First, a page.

There comes a time in the life of most of the terrifically successful when they're compelled to take account of their blessings, weigh the gulf between what they have and what, if things had broken just a bit differently, they might have had, and recognize their good fortune. Humbled, many of these great men and women decide to give something back.
Annie Rubino had a moment like this when she was 15.
“I realized after freshman year how much this school has given to me and that I wanted to give back in a way. I just realized I’m blessed to live here and I wanted to reach out to others and make a difference,” the Phoenixville Area High School senior explained earlier this week from a small conference room in the office of the school she loves.
“I changed my outlook on how I wanted my high school experience to be.”
The epiphany launched Rubino, who also plays guard for the girls basketball team and mans midfield for lacrosse, into a veritable whirlwind of involvement. A purple one.
What Annie Does Now
Before her junior year she won a seat on the school board as student representative (a post she holds this year as well) and became the PASD liaison to Activate Phoenixville; a community wellness organization that promotes healthier living in the area. She grew so fond of the latter group, and became such a believer in its mission—she cited the Girls on the Run program it operates in symphony with the YMCA and the Phantom Phitness Club for Barkley Elementary students as particular favorites—that she started a branch of Activate at the high school.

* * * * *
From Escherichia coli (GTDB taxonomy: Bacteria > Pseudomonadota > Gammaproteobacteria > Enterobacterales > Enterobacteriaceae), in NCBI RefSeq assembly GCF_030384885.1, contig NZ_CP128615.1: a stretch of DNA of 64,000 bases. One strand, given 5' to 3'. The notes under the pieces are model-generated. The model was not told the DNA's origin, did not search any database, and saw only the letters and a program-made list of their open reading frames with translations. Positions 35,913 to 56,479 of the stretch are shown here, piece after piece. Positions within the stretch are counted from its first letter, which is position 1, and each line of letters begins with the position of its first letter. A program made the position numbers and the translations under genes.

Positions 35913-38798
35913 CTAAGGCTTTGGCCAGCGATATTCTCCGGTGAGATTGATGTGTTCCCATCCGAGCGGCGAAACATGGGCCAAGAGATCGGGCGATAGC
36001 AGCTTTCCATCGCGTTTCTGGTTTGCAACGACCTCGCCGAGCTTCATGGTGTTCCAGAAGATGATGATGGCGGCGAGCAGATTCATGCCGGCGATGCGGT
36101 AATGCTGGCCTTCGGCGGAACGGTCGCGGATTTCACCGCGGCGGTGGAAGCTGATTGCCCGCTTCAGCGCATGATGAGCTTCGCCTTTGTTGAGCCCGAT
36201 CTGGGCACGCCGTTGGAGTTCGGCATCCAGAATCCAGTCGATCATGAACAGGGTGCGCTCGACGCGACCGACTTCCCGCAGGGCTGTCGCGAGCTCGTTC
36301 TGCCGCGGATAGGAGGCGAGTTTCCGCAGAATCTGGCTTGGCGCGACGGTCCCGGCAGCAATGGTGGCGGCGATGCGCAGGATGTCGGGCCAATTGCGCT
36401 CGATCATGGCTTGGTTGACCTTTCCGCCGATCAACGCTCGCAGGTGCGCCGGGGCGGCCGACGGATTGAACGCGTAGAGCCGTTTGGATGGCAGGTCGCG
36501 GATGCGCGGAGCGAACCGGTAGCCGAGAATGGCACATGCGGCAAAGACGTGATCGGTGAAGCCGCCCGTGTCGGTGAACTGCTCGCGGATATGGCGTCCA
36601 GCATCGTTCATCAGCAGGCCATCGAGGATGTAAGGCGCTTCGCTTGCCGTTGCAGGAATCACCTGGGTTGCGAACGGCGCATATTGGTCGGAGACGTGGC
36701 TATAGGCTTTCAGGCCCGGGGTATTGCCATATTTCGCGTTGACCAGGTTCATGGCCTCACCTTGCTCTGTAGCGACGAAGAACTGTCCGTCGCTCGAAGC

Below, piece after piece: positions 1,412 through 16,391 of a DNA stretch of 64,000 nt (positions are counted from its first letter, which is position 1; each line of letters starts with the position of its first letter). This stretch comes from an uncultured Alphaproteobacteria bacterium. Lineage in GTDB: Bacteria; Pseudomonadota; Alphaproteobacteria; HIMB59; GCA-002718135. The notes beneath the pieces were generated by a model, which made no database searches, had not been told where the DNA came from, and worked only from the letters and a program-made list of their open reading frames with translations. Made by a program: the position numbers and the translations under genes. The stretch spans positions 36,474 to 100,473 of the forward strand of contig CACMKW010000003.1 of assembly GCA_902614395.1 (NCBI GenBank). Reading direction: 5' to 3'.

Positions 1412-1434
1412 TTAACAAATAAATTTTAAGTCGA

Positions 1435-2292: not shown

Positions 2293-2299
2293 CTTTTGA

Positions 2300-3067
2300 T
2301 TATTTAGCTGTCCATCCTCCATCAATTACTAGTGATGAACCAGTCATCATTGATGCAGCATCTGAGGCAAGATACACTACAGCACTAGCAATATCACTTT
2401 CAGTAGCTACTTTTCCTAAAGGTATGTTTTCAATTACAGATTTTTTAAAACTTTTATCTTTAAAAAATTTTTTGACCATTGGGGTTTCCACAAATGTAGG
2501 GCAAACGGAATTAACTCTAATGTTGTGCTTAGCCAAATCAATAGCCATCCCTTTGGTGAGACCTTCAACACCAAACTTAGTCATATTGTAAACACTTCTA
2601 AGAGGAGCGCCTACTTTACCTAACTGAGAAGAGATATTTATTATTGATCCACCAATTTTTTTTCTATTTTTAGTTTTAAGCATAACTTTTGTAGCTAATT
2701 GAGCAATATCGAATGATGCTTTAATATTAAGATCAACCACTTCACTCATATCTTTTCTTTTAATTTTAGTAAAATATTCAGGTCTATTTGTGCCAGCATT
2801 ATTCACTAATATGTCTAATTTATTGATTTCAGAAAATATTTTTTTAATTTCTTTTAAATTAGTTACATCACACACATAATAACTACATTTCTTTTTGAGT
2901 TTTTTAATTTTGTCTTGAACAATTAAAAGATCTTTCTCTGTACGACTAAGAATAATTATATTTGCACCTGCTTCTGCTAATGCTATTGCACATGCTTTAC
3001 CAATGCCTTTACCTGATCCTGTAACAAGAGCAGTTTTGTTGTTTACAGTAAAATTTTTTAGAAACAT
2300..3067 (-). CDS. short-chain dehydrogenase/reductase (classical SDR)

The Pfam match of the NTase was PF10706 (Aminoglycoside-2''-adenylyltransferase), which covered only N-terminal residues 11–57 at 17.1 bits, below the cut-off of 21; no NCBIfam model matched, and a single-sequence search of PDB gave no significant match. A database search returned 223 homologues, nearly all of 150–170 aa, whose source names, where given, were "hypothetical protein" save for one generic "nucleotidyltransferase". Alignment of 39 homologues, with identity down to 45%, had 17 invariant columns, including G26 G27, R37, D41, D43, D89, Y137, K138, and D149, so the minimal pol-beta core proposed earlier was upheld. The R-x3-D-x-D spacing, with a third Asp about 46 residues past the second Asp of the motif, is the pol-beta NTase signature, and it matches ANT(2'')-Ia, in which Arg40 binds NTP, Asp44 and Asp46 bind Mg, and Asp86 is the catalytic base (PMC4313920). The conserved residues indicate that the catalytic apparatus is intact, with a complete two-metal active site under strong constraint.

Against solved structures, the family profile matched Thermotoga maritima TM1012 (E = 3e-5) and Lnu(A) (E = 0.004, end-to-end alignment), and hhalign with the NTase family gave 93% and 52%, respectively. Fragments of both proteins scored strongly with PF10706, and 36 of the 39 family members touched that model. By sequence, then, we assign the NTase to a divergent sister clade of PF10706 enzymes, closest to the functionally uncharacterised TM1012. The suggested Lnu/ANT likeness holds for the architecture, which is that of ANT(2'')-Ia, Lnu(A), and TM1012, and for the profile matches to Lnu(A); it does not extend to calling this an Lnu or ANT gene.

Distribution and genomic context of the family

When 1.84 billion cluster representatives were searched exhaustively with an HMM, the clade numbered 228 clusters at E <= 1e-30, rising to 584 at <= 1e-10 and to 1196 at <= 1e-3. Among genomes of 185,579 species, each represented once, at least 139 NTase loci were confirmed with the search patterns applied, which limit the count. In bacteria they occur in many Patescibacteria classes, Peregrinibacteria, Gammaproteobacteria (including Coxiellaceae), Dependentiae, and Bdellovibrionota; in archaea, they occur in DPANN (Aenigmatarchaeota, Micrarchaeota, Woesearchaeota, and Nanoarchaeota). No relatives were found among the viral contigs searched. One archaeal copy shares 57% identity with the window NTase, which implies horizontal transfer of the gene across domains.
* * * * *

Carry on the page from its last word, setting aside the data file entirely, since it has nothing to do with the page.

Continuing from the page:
“We raise money for Activate Phoenixville, do some of our own events” and help kids lay groundwork for careers in healthcare, Rubino explained.
It’s programs like Activate that, for her, underscore the value of the school board post. She views her place on the body as an ideal platform for sharing with the community all the many ambitious and altruistic activities PASD students are involved in. In other words, it's a place where the jock can be a cheerleader.
“There are so many little clubs here and there, and sports teams, and theater programs that not everybody knows about,” Rubino explained. “And to be able to get that out to the community makes me so proud. It’s built up our reputation and spirit within the school.”
What She'll Do Next
The second child of three (Rubino's brother is a sophomore at James Madison, her sister an eighth grader at the middle school) is set to graduate in the spring and is still weighing college options. She's narrowed the field to Catholic University, Delaware, Elon, and Wake Forrest; at one of which she plans, tentatively, to pursue studies in psychology or health sciences.
Wherever she ends up though, she plans to continue her commitment to service.
"I really want a place where I can get involved in the community,” she said, adding that, with the help of her guidance counselor, she's actively honing in on schools where she'll have a real opportunity to contribute.
While most seniors are looking for the college that can offer them the most, Rubino has it perfectly backwards. It's nice, isn't it?